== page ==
From the Founder, Dr. Eszter Hars
“Mom, why do I have SDS? Why can’t I be like everyone else?” my daughter asks me…
Imagine a world where SDS could just go away, life could be normal, and we could live without the fear that another shoe is going to drop… How can we get there? As a Molecular Biology Ph.D., a biotech executive, and the Mom of a 6-year-old girl with SDS, I ponder this question every day.
What is SDS?
Shwachman-Diamond syndrome (SDS) is a rare disease that affects many parts of the body. Like many patients with SDS, my daughter has problems digesting and absorbing food. When she was little, every time she had my milk, she would be in so much pain that she would scream for hours, arching her back in agony. Can you imagine what that feels like to a mother? Even today, getting her to eat and grow is a constant struggle. Typical for SDS patients, my daughter also has a compromised immune system, which means a fever from a common cold can turn into a trip to the emergency room, or worse. On top of that, many SDS patients have skeletal problems. Some need their rib cages surgically expanded, just so they can breathe. Worst of all, SDS patients face a very high risk of developing leukemia at a young age―30% by age 30. Unlike leukemia in normal kids, which can be treated, leukemia in SDS patients is inevitably fatal. There is no treatment currently. It’s like living with a ticking time bomb.
SDS patients face a very high risk of developing blood cancer at a young age―30% by age 30. It’s like living with a ticking time bomb.
To mitigate the risk of leukemia, the current standard of care is bone marrow biopsy every year. The hope is to find pre-cancer clones early enough so that leukemia development can be stopped using bone marrow transplantation preemptively. However, bone marrow transplantation is a brutal process―it is a dangerous year-long ordeal and has serious long-term side effects. Bone marrow transplantation is really a last resort. Even so, biopsies cannot always catch bad clones, and bone marrow transplantation often fails to stop leukemia.
A Cure for SDS
What if therapy could be developed to stop blood cells from going bad and prevent leukemia development in the first place? Such therapy would correct the underlying problems of SDS and give us confidence that the bone marrow biopsy results would come back okay. We might not need bone marrow biopsy anymore! With such therapy, we would no longer have to worry about leukemia; we could expect our kids to have a normal life, as if SDS had just gone away; we could attend their graduation, dance at their wedding, and see their family grow... How wonderful would that be!?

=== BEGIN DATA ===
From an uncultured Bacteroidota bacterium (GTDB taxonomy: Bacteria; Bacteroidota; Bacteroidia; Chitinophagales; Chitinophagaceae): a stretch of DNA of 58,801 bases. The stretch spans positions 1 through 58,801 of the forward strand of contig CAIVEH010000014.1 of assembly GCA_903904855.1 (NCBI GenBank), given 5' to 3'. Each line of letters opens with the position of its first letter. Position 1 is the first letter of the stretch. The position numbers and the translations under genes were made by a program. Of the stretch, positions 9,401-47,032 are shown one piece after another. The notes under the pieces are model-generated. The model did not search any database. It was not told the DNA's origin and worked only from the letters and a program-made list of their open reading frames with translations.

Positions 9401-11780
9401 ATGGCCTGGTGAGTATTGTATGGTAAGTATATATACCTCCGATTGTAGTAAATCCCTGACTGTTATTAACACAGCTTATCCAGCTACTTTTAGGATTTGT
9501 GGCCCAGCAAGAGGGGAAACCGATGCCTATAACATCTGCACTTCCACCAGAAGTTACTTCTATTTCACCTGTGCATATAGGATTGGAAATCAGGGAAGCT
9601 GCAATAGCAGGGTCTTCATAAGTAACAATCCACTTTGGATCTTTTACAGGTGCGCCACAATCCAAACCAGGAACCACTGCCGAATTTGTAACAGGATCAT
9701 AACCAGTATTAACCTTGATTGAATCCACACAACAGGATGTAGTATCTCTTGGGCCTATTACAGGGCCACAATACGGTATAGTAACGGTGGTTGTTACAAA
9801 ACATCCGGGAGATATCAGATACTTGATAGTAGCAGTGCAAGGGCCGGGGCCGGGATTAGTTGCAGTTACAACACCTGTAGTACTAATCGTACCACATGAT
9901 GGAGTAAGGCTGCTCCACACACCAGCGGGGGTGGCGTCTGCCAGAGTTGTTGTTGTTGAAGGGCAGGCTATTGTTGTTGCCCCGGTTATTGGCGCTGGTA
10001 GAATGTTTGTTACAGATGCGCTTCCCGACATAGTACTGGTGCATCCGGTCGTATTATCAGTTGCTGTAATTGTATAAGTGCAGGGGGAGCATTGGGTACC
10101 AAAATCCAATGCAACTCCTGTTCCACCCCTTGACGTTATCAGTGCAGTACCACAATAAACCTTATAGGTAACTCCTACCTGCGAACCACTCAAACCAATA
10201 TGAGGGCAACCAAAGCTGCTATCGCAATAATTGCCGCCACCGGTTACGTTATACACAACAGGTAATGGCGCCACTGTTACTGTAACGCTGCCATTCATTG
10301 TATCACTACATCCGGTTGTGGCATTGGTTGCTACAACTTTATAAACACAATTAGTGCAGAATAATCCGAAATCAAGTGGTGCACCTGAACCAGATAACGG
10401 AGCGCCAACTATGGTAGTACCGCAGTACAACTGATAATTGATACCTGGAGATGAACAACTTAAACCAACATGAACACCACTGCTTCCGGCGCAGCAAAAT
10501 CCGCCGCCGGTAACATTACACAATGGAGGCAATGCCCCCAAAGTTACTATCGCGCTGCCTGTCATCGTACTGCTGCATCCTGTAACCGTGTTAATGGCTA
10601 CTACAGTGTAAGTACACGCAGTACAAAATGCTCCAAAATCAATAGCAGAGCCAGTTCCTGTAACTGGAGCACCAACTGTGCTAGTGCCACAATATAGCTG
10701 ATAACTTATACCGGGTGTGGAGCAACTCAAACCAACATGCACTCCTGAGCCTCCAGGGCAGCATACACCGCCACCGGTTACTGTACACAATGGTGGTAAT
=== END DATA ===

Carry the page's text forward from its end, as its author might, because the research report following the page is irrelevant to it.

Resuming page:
With such therapy, we would no longer have to worry about leukemia
I believe that such therapy is nearly at hand. The science is there, and there are many types of therapies that can possibly get us there. These therapies have been applied successfully to several rare diseases:
Sirolimus (repurposed drug) for Castleman disease
Libmeldy (gene therapy) for metachromatic leukodystrophy
Spinraza (antisense oligonucleotide drug) for spinal muscular atrophy
Zokinvy (small molecule drug) for progeria
Luxturna (gene therapy) for congenital amaurosis and retinitis pigmentosa
Many more are in clinical trials (for severe combined immune deficiency, sickle cell anemia, and Fanconi anemia).
Why isn’t it available for SDS?
Therapy development is a complicated process that involves scientific research, disease modeling, drug development, clinical trials, regulatory approval, and patient participation. It requires many areas of expertise. We are very fortunate to have outstanding researchers and doctors who dedicate their careers to SDS, but there are still many gaps that they alone cannot overcome.
The problem has to do with how medical research is funded. Before a researcher can start doing research, (s)he has to apply for a grant from a funding agency, which in the U.S. is primarily the National Institute of Health (NIH). The grant application process can take years and in the end, fewer than 10% of the applications get funded. A critical component of a successful application is early data, because the data demonstrate that the research plan is likely to succeed, and that the researchers have the ability to carry out the project. The problem with SDS research is that most researchers have never heard of SDS, let alone have sufficient data to get government grants. No data; no grant. And with no grant funding, there will be no research or early data. It’s a catch 22.
The problem has to do with how medical research is funded.
Together, we can make it happen!
We established the SDS Alliance to break this vicious cycle and enable therapy development. Our strategy is to:
Provide seed funding to highly selected experts and help them generate early data to get government grants.
Provide bridge funding to top researchers between government grants to keep research going.
Partner with research institutions and companies to develop essential tools for therapy development.
Organize patients to participate in research and clinical trials to enable new therapy development.
Remember the successful therapies that I mentioned above? Every one of them is a direct result of these actions. The strategy works. All we have to do is replicate the success for SDS!
When we succeed, we will be able to live freely without the fear of leukemia, and life will be normal as if SDS had gone away! The path is tried-and-true and YOU have the power to get us there. We need to take action NOW, because leukemia won’t wait. Please donate today. Let’s make it happen!
Our mission is to replicate the success. The path is tried-and-true and YOU have the power to get us there. We need to take action NOW, because leukemia won’t wait.